Target Language Examples

S1: I’m hungry!

Class : What do you want?

S1 : I want (hamburgers).

Class: Go find it!

***

Class: What’s for (lunch)?

S2: (Spaghetti) is for lunch.

***

Class : Where are you going?

S3 : I’m going to the (park).

***

Class: How are you going there?

S3 : I’m (riding a bicycle).

Class: Have fun!

Players

Two (2) or more (the more the merrier!)

Materials

picture cards

board

some magnets

a party hat (oversize) or blindfold

How to play

  1. Determine the order of play.
  2. In random, attach all the picture cards on the board.
  3. Instruct the players to remember the placement of each card.
  4. The first player takes his turn. He stands 12 steps (more is better) away from the board. The other players ask the question; for example, “What do you want? The first player answers “I want (a hamburger).” The other players answer back “Go, find it!”
  5. The first player puts on the over size hat (covering his or her face), and turns around three times.
  6. The other players give directions, starting with “Go straight!” “To your right!” “To your left!” etc. The aim is for the player to find the target by following directions given by other players.

Note : For large number of players, for example twenty (20) , it is best to group them into four (4) teams of five members each. One player will have to be blindfolded, while the other four members give the directions to find the target picture card.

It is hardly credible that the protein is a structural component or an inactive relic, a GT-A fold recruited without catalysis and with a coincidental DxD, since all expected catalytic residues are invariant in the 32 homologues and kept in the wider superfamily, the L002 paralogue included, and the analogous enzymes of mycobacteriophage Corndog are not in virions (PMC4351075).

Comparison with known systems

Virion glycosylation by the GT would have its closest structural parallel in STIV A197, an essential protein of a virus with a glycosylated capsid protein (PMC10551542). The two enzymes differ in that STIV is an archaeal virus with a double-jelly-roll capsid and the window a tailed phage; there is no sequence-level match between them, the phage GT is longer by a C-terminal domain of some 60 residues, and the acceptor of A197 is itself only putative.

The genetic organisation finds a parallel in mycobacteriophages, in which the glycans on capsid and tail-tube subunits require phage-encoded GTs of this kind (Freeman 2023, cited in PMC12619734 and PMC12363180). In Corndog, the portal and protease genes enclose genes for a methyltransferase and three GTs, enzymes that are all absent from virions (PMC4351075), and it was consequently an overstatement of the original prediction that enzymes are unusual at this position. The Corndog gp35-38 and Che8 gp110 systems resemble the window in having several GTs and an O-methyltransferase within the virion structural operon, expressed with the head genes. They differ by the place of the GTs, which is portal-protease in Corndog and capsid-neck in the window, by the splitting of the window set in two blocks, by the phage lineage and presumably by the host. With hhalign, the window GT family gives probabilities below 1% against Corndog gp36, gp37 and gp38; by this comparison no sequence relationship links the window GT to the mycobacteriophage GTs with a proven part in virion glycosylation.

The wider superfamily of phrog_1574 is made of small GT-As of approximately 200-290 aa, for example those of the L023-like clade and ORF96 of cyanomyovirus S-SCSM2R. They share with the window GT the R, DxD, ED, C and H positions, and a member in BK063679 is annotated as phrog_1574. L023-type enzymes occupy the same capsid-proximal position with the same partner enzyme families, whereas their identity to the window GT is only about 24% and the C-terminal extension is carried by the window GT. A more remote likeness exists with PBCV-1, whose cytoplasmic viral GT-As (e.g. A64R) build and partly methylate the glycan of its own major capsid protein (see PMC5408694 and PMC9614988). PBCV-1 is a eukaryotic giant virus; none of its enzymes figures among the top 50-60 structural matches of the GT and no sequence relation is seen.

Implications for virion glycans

Marco Brazil has been training teachers and teaching children English for over fifteen years. He maintains strong a strong commitment to making English fun and easy for both teachers and learners. He occasionally writes articles and gives teaching presentations for Oxford Kid’s Club Teaching Tour mostly, on games (You can see handouts from his workshops here and here).  Marco is the director/owner of SmartKids Circle. You can find Marco on Facebook or follow him on his blog, Mabuhay Classroom.

What You Can Learn From My PLN Quiz #6 (ELTAS Tech Tools Day Edition)

I had planned on taking a bit of a break from creating quizzes based on blogs by members of my Personal Learning Network. Then Anne Hodgson (one of the members of said PLN) sent me a message on Twitter, telling me about an upcoming event in Germany—ELTAS Tech Tools Day.